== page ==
Once again, it’s good to see you for this week’s edition of “Bajan,” Chinese Style. If you are in China then you should most certainly already know, but if you aren’t however, here’s a little tidbit of knowledge that you may find useful. Tomorrow, October 1st is China’s National Day, which represents the 67th year of the formation of New China. So right off the hat, a big happy birthday, I mean Happy National day to you China.National day also marks the beginning of a week long holiday known as “National Holiday,” and it is during this time that everyone in China who can go travelling, does. So, we are faced with the question, How does one choose the right destination? Luckily for us, we were already immersed in the exploration in one of the most remote and relaxing regions of China and we’ll just continue from there.
Last week, we had mentally laid eyes upon the landscape of Lugu Lake (Re: Lugu Lake 1 of 2) which is located on the border of Yunnan and Sichuan province. This week, let’s get right into things by taking a look at how to approach exploring the extensive beauty that is this lake.
The surface area of Lugu Lake is approximately 45.73 square kilometres, so from that alone we know it is extremely large. The best way to enjoy the natural charm of the lake is to actually get out of the car or van and just submerge yourself in it. Fortunately for us, this has been catered to as most hostels offer a daily bicycle and moped rental service.
If you are in good physical condition and especially if the weather is good, then by all means I recommend renting a bike. However, be warned that the road which traces the perimeter of the lake runs over very mountainous terrain and is in many ways not for the faint of heart, or in this case those who tend to faint. If you would prefer to undertake your sojourn in relative comfort,then I recommend renting a moped. Rental prices range from 50 to 150 yuan and there is a weakly enforced 24 hour time limit.
After having rented your bike or moped you can then begin your journey around the lake. Most visitors usually follow the right handed route as this is the more mountainous side of the lake. It’s always better to get the more challenging mountains out of the way in the morning when you are fresh and full of energy.
As you commence on your journey, you will instantly be greeted by Goddess Mountian, and many small Tibetan style temples. Passing these impressive sites,the road will take you through many idyllic albeit, small ethnic Naxi, She or Muosuo villages.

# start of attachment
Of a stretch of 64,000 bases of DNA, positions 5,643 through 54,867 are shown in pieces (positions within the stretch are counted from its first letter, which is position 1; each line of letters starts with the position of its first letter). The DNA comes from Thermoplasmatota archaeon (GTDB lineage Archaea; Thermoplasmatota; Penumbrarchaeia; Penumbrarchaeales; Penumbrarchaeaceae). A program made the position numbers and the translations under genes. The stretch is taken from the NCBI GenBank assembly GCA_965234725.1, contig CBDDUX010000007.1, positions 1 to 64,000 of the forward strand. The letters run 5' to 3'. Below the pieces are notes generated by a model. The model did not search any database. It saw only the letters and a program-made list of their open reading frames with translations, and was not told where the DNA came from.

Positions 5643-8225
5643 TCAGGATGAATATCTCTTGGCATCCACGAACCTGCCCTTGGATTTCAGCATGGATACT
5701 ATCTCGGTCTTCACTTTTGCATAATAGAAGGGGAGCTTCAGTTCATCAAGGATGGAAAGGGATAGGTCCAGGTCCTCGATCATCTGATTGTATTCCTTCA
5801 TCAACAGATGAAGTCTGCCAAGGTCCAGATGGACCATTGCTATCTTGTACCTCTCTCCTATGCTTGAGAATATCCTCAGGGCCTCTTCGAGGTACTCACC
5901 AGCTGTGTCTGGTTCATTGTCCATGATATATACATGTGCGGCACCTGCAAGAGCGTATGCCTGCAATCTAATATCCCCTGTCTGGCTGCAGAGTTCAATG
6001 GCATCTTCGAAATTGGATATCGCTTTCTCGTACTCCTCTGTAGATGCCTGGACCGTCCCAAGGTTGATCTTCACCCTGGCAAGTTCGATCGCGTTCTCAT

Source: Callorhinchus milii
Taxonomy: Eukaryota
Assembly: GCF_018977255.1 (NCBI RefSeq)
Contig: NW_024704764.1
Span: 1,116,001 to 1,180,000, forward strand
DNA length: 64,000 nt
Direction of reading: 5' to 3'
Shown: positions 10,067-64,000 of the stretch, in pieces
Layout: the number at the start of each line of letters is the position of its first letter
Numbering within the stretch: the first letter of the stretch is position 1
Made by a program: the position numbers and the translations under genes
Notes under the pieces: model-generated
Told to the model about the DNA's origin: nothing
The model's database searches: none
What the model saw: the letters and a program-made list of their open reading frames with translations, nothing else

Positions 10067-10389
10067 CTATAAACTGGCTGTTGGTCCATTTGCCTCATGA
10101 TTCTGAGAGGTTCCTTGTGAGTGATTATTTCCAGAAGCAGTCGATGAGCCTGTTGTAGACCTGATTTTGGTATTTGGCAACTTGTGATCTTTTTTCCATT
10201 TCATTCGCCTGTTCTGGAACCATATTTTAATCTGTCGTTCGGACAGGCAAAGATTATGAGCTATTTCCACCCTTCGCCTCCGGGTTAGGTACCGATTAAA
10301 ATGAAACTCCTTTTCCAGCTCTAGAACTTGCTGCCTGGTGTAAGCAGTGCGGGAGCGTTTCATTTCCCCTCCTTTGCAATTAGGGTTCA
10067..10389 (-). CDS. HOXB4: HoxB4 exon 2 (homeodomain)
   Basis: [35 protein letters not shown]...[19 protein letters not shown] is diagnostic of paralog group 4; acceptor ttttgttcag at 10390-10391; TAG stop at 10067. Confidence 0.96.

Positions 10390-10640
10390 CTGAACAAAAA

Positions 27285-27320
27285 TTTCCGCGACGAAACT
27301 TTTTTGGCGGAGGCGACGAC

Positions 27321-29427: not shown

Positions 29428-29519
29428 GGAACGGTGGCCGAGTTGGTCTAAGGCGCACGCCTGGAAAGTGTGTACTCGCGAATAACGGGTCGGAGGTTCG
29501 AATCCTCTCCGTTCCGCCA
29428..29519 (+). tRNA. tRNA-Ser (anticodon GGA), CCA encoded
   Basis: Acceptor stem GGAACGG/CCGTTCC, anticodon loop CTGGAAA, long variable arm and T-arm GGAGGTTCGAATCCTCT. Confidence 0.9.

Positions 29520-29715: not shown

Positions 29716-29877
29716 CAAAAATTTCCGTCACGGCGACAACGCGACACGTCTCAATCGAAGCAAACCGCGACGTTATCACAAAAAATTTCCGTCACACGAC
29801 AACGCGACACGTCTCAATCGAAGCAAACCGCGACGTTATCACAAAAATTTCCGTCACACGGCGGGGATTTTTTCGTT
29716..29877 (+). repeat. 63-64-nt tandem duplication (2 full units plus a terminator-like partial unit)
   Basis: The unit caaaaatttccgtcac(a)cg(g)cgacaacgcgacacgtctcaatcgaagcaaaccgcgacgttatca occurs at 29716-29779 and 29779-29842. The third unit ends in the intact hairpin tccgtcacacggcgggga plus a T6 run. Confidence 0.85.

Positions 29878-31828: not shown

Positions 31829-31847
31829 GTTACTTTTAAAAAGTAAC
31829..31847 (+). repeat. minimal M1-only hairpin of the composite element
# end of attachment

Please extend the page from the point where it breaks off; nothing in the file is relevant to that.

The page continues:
By the afternoon, if you keep up a good pace, you would have entered into the Sichuan 1/3 of the lake and it is at this time that you actually won’t be able to see the lake. Instead, as I realised, you will probably find yourself in the midst of a multitude of rolling mountains with lush swaths of multicoloured grass at their bases. Fear not, for you have not gotten lost, instead this area is simply the famed “Sea of Grass” and during early summer or fall, it is especially spectacular.
After exiting from Sichuan’s “Sea of Grass,” follow the road and it will take you back to the shoreline. All roads lead to Lugu. Simply follow the road and within an hour,you will probably return to your starting point. However, I recommend that you don’t immediately return your moped and instead inquire as to if there will be any flame dances later that evening. These dances are usually held in the larger of the Naxi villages and if there are, I recommend attending one.
The Flame Dance, is an ancient Naxi ethnic tradition which usually marks the times which members of the tribe can court each other. It must be noted that polygamy is the core of Naxi interpersonal relations and so these Flame Dances are an extremely important part of their culture.
Finally, in my personal experience, it usually takes three days to truly explore Lugu Lake as your first day will most certainly be spent simply riding around the lake in an attempt to make it home before it becomes dark. If this is the case, then on the second day, I recommend climbing Goddess Mountain and if you can, really going into the heart of the “Sea of Grass.” In the evening you can take a sail on the lake and explore the small islands or you can simply go for a dip in the truly refreshing azure water.
If your luck is especially good, then you may even catch a glimpse of the double rainbow that Lugu Lake is also famed for. If you do glimpse this magical manifestation, then you will truly understand why this lake is one of the best kept travel secrets of China.
One trip to Lugu Lake and you will be hooked for a lifetime.